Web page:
AI Innovators: How One Woman Followed Her Passion and Brought Diversity to AI
Lisa Lahde Brand Contributor NVIDIABRANDVOICEJul 10, 2018,2:47 pm• 6,805 views
•#ChangeTheWorldIn this profile series, we interview AI innovators
on the front-lines – those who have dedicated their life’s work to improving the human condition through technology advancements.
Meet Timnit Gebru. Born and raised in Ethiopia, Gebru immigrated to the US at 16 to earn her PhD from Stanford Artificial Intelligence Laboratory and just finished her year as a post-doctoral researcher at Microsoft Research in New York. While she was still a PhD student, she co-founded Black in AI, an organization fostering collaboration and discussing initiatives toincrease the representation of Black people in the field.
Was there a moment where you questioned your path?
All the time. I mean, when I first did analog circuit design, I was very much into hardware and that was my main focus while at Apple. Then, I went back to school to get my master’s in hardware. After I took many classes in device physics and did research with device physics for over a year I ultimately decided that device physics wasn’t for me. At first, I was a bit hesitant to change paths, but I was trying to see what I was interested in.
Do you follow your passion with everything?
Sort of. When I was doing research, I didn’t know what I wanted to focus on. I changed from device physics to a completely different thing, optics. It was still applied physics, but I didn’t know as much about optics. Learning something new like optics or image processing sparked a new interest in how my research could change the world for the better — for instance, how could I think of new ways of doing low-cost image processing from a phone for developing countries, because I am also from a developing country. I’m always thinking about that in whatever I do. I found myself really interested in computer vision. At the end of the one year in research, I decided, you know what? This is not for me. I’m just not going to do a PhD. So, I left, and worked on a startup instead. Eventually, I left that too, pursued Hacker School just for fun, and eventually asked myself, what am I doing with my life?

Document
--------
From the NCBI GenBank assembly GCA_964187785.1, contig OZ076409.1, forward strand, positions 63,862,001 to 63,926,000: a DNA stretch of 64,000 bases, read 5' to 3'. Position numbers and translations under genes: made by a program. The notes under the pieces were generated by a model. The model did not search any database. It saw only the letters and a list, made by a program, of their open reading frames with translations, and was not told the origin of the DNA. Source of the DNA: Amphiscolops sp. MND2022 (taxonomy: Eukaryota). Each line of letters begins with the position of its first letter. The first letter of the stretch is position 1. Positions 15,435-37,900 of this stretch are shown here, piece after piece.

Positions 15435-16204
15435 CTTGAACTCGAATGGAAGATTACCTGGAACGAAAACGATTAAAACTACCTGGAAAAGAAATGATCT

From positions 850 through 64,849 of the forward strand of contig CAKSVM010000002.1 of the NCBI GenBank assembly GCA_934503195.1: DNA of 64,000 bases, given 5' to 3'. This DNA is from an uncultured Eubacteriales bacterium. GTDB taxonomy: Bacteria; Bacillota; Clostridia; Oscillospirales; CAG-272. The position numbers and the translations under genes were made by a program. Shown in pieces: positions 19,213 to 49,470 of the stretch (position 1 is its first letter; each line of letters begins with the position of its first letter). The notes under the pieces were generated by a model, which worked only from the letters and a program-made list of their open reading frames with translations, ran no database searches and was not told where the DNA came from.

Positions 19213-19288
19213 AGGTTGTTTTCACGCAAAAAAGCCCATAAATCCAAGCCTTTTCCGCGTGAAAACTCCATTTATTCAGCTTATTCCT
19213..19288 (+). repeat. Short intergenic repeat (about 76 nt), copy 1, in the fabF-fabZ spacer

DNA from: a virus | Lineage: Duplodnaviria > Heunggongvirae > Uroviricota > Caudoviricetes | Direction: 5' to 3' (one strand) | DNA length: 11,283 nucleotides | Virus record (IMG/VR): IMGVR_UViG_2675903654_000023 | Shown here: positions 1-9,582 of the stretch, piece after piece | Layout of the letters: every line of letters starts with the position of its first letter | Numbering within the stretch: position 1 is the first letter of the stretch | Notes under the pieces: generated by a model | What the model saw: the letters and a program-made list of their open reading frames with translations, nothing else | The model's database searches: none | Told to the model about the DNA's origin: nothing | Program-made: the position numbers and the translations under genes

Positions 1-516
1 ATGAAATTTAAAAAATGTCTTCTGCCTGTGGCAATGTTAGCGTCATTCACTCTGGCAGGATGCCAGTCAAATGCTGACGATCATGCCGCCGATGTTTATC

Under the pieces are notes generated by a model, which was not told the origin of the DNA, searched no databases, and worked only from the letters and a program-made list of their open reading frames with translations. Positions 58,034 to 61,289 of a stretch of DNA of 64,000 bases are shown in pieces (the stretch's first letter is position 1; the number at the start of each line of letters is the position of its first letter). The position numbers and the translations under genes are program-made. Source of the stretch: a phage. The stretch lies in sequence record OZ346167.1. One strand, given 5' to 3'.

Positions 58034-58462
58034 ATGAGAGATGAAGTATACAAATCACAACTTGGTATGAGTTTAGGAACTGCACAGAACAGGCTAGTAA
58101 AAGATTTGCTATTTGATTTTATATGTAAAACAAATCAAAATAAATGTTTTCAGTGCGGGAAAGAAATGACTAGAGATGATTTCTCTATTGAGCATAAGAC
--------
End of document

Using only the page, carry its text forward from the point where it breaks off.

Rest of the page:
I had to do a lot of soul searching. I really enjoyed computer vision, but on the other hand, I didn’t want to spend my time doing something I wouldn’t still be passionate about. I was so confused. Am I a software person or am I a hardware person? Should I go back to Apple? Should I interview for jobs? What should I do?
If you work so hard on something and you put so much investment in your education, to not feel like you have a path can feel very defeating.
I think it’s important for people to understand that you have difficult times. Even successful people. In Ethiopian culture, not 100% of your identity is based on your achievement or work. I think it’s dangerous when that’s the case, and I think at that point too much of my identity was tied to what sort of career I was doing.
How did you snap out of it?
I had to figure out what I was going to do next. I had to interview for jobs or I had to figure out if I was going to go back into my PhD or something. I said, Okay, I’m going to just try to audit classes. It doesn’t have to amount to anything. After one quarter, I said I was going to re-enroll. I was on a leave of absence from Stanford at that time. I re-enrolled in two classes, one was advanced computer vision class, and one was a data mining class. A paper came out of the data mining class and I met one of my collaborators there. I was like, okay, no pressure, you can just take classes; I don’t have to figure out whether I should do a PhD or not now. I’m just re-enrolling, so I didn’t want to give myself a lot of pressure.
How much does your background influence your life’s work? And what change are you hoping to make?
It’s part of me. My mom would even tell you, ever since I was a little kid, I’ve always thought about how to change the socioeconomic status of some neighborhoods around the place that I grew up. This is always something I’ve thought about because of where I came from. And, based on my experiences from immigrating to the U.S., I learned what marginalization is because I felt it a lot, in many ways.
The positive impacts that you bring to the world don’t have to necessarily be connected to your work. For me, there was also a separate side of me where I was always involved in social justice. I always organized events or I was always part of something towards that goal.
Listen to Timnit’s interview on The AI Podcast where collecting data using street view and AI can help estimate the demographic makeup of neighborhoods to identify how people will vote in the elections.
source : FORBES